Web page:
Thank you, Dr. Haim Ginott! You saved my eighth-grade a–.

Note: Dr. Ginott was the author of a bestselling book that has since been revised and updated: Between Parent and Child: The Bestselling Classic That Revolutionized Parent-Child Communication
He is also credited as an inspiration by the authors of the more recent books, Raising An Emotionally Intelligent Child, by John Gottman; and How to Talk So Kids Will Listen & Listen So Kids Will Talk, by Adele Faber and Elaine Mazlish.

As for bullying — our original topic — consider that many bullies are angry children who are trying, in a way, to communicate. Not all incidents are the same, and not all can be defused the way I managed to defuse mine so many years ago, but it’s something worth thinking about.

Martial arts, Self-defense, and Bullying

May 11, 2010

Dawn White of Satori Dojo in Phoenixville, PA, raised a timely and important topic over on the “Suggest Future Topics” page — namely, What can martial arts teach kids about how to handle school bullies? Here’s what she wrote:

“I had an issue raised to me today that has caused quite some thinking. I have a friend whose 10-year-old daughter was physically assaulted by another girl in school. This is what she told me [D=daughter]:”

D did nothing to this girl but ignore her. Never said a word. The girl started giving D trouble and D ignored her. Didn’t even look at her.
This went on for 1 class and part of lunch. When she was being verbally assaulted at lunch, threatened “do you wanna be smacked?”, a teacher heard the girl and told her to go sit down. Can you believe it? That’s all he told the girl!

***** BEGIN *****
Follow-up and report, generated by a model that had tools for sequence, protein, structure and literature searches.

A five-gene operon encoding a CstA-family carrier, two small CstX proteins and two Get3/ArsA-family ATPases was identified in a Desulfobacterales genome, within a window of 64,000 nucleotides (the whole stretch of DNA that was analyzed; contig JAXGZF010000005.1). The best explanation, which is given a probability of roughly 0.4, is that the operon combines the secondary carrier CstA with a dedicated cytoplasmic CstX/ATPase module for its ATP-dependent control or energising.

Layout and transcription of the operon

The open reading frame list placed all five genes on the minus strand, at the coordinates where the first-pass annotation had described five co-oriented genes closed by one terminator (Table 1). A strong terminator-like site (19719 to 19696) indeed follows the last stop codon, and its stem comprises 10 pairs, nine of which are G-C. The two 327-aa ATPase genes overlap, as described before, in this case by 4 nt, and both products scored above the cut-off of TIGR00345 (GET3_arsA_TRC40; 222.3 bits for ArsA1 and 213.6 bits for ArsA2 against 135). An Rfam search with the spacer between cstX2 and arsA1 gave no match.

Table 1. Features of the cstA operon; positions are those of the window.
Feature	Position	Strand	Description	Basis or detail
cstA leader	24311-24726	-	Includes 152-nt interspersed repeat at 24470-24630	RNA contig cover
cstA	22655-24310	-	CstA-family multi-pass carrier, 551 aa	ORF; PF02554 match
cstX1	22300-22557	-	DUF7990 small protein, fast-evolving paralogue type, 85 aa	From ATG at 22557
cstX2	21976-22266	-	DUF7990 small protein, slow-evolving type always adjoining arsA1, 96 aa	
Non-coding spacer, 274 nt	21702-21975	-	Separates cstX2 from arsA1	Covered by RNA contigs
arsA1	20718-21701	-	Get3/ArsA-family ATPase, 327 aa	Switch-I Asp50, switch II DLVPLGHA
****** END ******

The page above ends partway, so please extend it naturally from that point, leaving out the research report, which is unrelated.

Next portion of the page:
At their next class the girl was running her mouth at D. D continued to not look at her or say anything to her. On their way out of the door, D was talking to a friend and the troublemaker told D to “quit being smart with me.” D said nothing.
Girl said to her “So now you have nothing to say?!!”
D said, calmly, “I’d rather keep my mouth shut.”
Girl said, “I told you to not smart off to me.”
Then smacked her in the back of the head, pulled her hair, and smacked her across the mouth!
D went to a trusted teacher, crying, who called in an administrator to help. Then sent D to another administrator who told D that the girl will “probably be suspended.”

Dawn goes on to observe that many of the physical techniques we teach in traditional self-defense classes, and even sometimes in kids’ self-defense class, are designed for use in extreme circumstances (against would-be rapists, kidnappers or child molesters), and wouldn’t be appropriate for school bullies. I’d add that even the “milder” martial arts techniques we teach our kids (blocks and counters) can be risky to use against bullies — not just because of the chance of escalation, but because in schools with “zero tolerance” policies against fighting, the victim who defends herself will be given the same suspension meted out to the bully. This is a source of great frustration to bullying victims and their parents.

Let me add one more item to stir the pot before opening up the discussion: I’ve heard it said that martial arts is the wrong answer for bullying, because “it only teaches more violence.” Needless to say, I think that reflects ignorance about martial arts. But maybe we need to be clearer about what we teach kids, and how it applies to situations like the one Dawn’s friend described.

I have much to say, both on the specific incident described above and the general topic of martial arts and bullies. But before I chime in further, I’d like to invite instructors, as well as teachers and parents who’ve dealt with these issues, to let us know what you think.